8:00 AM EST – Germany’s consumer price index
8:30 AM EST – US GDP
8:30 AM EST – US initial jobless claims
9:45 AM EST – US FOMC member Mester speaks
11:00 AM EST – US FOMC member Kaplan speaks
11:15 AM EST – US FOMC member Williams speaks
7:50 PM EST – Japan’s industrial production
9:00 PM EST – China’s manufacturing PMI (purchasing managers’ index)
9:00 PM EST – China’s non-manufacturing PMI
After falling for three consecutive trading days, the Shanghai Composite Index continued to fall and reached the lowest close since February 17. Liquidity concerns have been weighing on Chinese markets this week.
China’s central bank stopped pumping liquidity into the market for the fifth consecutive day. It stated that liquidity levels are at appropriate levels. In addition to liquidity concerns, Chinese markets were also impacted by regulations on the property market. As a result, the market fell—led by materials and infrastructure stocks. On March 30, the Shanghai Composite Index fell 1% and ended the day at 3,208.93. The SPDR S&P China ETF (GXC) closed at 83.05—a fall of 0.14% on March 29.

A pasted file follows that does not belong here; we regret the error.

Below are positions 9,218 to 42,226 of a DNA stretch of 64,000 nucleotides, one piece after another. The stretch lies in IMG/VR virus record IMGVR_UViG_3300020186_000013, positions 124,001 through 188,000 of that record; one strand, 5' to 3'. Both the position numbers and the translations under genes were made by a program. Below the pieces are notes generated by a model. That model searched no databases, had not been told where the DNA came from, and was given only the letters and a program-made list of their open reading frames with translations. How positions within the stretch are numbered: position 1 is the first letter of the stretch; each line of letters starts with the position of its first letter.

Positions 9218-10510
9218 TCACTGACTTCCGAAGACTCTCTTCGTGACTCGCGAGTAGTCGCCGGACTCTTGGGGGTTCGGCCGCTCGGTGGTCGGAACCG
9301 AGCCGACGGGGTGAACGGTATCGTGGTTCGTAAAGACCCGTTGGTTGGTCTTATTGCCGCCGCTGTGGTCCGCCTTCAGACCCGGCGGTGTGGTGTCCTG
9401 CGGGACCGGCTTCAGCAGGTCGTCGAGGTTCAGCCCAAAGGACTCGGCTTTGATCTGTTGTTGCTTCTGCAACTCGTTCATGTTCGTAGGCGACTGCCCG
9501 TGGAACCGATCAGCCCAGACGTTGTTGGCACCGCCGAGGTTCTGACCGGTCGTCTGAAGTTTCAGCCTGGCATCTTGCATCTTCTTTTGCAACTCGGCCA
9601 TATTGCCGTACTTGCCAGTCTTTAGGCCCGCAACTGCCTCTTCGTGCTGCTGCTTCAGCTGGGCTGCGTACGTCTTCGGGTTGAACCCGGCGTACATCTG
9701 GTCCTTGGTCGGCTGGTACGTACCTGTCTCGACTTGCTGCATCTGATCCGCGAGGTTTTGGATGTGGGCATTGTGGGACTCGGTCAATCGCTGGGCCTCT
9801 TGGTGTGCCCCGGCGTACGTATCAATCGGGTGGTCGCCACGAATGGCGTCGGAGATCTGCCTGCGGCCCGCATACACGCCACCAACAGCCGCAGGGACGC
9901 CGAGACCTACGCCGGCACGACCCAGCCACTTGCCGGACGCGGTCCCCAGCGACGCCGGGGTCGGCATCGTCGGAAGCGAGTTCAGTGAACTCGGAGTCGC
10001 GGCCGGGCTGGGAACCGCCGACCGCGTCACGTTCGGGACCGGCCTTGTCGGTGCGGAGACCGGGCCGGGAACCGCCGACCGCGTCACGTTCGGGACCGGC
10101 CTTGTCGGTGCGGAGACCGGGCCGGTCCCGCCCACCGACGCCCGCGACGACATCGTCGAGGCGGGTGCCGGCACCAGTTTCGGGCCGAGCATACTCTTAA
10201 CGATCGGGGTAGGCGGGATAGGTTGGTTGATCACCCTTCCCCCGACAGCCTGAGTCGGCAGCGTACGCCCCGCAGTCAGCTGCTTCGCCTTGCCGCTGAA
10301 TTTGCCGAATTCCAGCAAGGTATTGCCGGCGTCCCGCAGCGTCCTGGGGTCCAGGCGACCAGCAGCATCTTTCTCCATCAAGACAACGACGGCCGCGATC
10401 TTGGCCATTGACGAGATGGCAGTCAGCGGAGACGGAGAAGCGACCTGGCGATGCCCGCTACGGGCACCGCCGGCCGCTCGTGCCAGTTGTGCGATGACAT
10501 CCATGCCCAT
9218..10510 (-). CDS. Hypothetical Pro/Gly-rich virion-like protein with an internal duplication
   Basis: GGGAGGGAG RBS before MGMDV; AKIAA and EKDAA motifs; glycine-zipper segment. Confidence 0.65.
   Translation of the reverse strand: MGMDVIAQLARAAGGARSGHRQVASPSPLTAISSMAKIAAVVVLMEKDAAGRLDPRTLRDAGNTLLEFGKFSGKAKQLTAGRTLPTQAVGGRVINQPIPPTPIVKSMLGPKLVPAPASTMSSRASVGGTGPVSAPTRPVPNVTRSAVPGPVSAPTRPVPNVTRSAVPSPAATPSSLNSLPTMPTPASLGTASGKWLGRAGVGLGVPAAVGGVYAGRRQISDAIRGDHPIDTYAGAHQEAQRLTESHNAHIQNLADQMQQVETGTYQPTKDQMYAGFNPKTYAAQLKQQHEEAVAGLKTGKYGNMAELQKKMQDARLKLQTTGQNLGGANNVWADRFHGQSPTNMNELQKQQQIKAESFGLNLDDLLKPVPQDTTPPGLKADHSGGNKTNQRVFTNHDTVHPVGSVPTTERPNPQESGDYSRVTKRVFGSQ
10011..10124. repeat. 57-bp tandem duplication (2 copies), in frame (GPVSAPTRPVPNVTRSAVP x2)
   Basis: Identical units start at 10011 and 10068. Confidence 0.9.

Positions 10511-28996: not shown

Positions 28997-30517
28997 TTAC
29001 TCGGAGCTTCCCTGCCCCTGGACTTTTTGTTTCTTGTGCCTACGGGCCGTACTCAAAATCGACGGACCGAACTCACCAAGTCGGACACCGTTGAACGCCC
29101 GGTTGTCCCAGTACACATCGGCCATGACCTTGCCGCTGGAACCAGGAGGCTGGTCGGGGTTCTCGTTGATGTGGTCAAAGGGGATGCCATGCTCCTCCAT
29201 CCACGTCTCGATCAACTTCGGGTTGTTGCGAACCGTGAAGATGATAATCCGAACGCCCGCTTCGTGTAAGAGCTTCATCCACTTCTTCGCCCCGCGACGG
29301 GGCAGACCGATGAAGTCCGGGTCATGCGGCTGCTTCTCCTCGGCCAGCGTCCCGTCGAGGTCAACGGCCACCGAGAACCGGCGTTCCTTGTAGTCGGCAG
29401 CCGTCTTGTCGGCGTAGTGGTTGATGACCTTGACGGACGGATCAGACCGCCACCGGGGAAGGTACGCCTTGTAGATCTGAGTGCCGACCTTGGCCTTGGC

After gaining for two consecutive trading days, Hong Kong’s Hang Seng Index pulled back on Thursday. Hong Kong’s markets lost strength due to liquidity concerns in Chinese markets. The Hang Seng Index started the day on a higher note, but lost strength and closed lower. On March 30, the Hang Seng Index fell 0.37% and closed the day at 24,301.099. The iShares MSCI Hong Kong ETF (EWH) rose 0.09% to $22.41 on March 29.
After closing Wednesday flat, Japan’s Nikkei index fell lower on March 30. The stable yen, along with weakness in mining shares, weighed on Japan’s Nikkei index. The transportation and construction sectors led the market decline. The iShares MSCI Japan ETF (EWJ) closed at $52.27 on March 29—a fall of 0.13%. In the next part, we’ll see how European markets are performing in the morning session on Thursday.